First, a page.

Fried Food and No Heart Disease?
Eating Foods Fried in Healthier Oil Not Linked to Heart Disease, Researchers Find
By Kathleen Doheny
WebMD Health News
Reviewed By Louise Chang, MD
They followed more than 40,000 adults for 11 years, tracking fried food intake and heart disease.
However, this tentative morsel of good news for fried food fans comes with a heaping side dish of caution, especially when it comes to typical U.S. fried foods and diets.
"We should emphasize that our results were obtained within the context of a healthy diet, the Mediterranean one, and may not be replicated with other types of diets," researcher Pilar Guallar-Castillon, MD, PhD, MPH, associate professor of preventive medicine at Universidad Autonoma de Madrid, tells WebMD.
Another big difference between Spanish diners and U.S. diners may also play a role. "In our study, most meals were prepared and consumed at home," Guallar-Castillon says. It's difficult to know which type of oil you are eating, she says, when you are dining out.
The study is published online in BMJ.
Fried Food and Heart Disease: Study Details
However, research on fried food and heart disease itself has produced conflicting results.
The researchers evaluated 40,757 adults, ages 29 to 69 and free of heart disease when they enrolled in the study in 1992 through 1996. The researchers followed them until 2004.
The researchers interviewed the men and women at the start of the study about their usual eating habits. They asked them what they'd eaten in a typical week during the previous year.
The questionnaire included up to 662 different foods, including 212 that were fried.
Frying methods included deep-fried, pan, battered, crumbed, or sautéed. Most used heart-healthy olive oil.
The researchers separated participants into four groups, depending on their intake of fried foods. The lowest group ate about 1.6 ounces of fried foods a day. The group with the highest intake had about 8.8 ounces a day. On average, the men and women ate a little less than 5 ounces a day of fried foods and used about a half-ounce of oil to fry it.
Fried food was about 7% of all food eaten.
During the follow up, 606 heart attacks and other heart ''events'' occurred, and 1,135 deaths occurred from all causes.
When the researchers looked at the heart disease and deaths, they found no link between fried food, whatever the intake, and heart disease or death from any cause.
As for why, Guallar-Castillon says, "Food was fried with oil rich in mono- and polyunsaturated fats, which are heart-healthy." Olive oil has antioxidants that may protect the heart.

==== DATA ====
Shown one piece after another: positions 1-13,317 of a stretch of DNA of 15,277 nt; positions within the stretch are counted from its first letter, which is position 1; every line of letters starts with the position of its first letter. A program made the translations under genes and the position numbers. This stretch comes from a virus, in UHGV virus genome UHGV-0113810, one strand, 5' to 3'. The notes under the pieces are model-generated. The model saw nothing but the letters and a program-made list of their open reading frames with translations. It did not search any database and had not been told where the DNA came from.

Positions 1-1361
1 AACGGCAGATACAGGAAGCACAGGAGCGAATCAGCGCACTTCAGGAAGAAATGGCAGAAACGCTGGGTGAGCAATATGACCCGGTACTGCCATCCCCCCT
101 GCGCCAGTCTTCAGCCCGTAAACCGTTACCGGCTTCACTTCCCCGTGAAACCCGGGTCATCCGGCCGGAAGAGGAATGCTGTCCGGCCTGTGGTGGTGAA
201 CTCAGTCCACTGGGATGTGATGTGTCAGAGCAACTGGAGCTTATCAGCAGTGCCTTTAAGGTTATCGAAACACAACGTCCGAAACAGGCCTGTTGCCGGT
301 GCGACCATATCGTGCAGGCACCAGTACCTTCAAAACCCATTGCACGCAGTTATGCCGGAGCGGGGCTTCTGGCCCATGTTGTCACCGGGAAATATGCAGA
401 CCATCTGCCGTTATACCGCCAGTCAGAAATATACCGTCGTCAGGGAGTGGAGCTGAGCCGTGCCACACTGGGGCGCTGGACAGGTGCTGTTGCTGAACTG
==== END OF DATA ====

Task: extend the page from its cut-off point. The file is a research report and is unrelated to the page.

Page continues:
Fried Foods and Heart Disease: Strive for a Balanced Diet
"This is an interesting study that provides some 'food for thought' but no conclusive evidence that frying is good for you," says Connie Diekman, RD, director of university nutrition at Washington University in St. Louis. She reviewed the findings for WebMD.
She notes some study limitations: Diet information was collected only at the start. And the information on cooking methods -- pan vs. deep fry -- was lumped together.
What matters, she tells WebMD, is how the whole diet balances out. "If someone chooses to prepare something by frying, then what goes with that food should be prepared in a different manner to keep the fat in the meal balanced," Diekman says.
The type of fat matters, she says. Olive oil, for instance, is viewed as more heart-healthy than trans fats. "Overall calorie intake counts, and too many calories from any type of fat isn't a good thing."
The diet habits studied appear quite different than those of typical U.S. consumers, says Andrea Giancoli, RD, MPH, a Santa Monica, Calif., dietitian and spokesperson for the Academy of Nutrition and Dietetics.
"The bottom line here is, most of what they were consuming were these healthful oils -- olive and sunflower -- and a lot of fish. The Mediterranean diet is different from ours," she says.
The study results are not surprising, given that most of the oils were the heart-healthy type, says Alice Lichtenstein, DSc, Gershoff Professor of Nutrition Science at Tufts University in Boston.
She says self-report of diet is another limitation, as it can be inaccurate. She notes that those who said they ate the highest amount of fried food took in about 600 more calories a day than those who said they ate little fried food, yet their body mass indexes were similar.
In an editorial that accompanies the study, Michael Leitzmann, MD, of the University of Regensburg in Germany, notes that the body of evidence refutes the myth that frying food is generally bad for the heart. "However," he writes, "this does not mean that frequent meals of fish and chips will have no health consequences."
Guallar-Castillon, P. BMJ, published online Jan. 24, 2012.
Leitzmann, M. BMJ, published online Jan. 24, 2012.
Pilar Guallar-Castillon, MD, PhD, MPH, associate professor of preventive medicine, Universidad Autonoma de Madrid, Spain.
Connie Diekman, RD, director of university nutrition, Washington University, St. Louis.
Andrea Giancoli, RD dietitian, Santa Monica, Calif.; spokesperson, Academy of Nutrition and Dietetics.
Alice Lichtenstein, DSc, Gershoff Professor of Nutrition Science, Tufts University, Boston.
© 2012 WebMD, LLC. All rights reserved.
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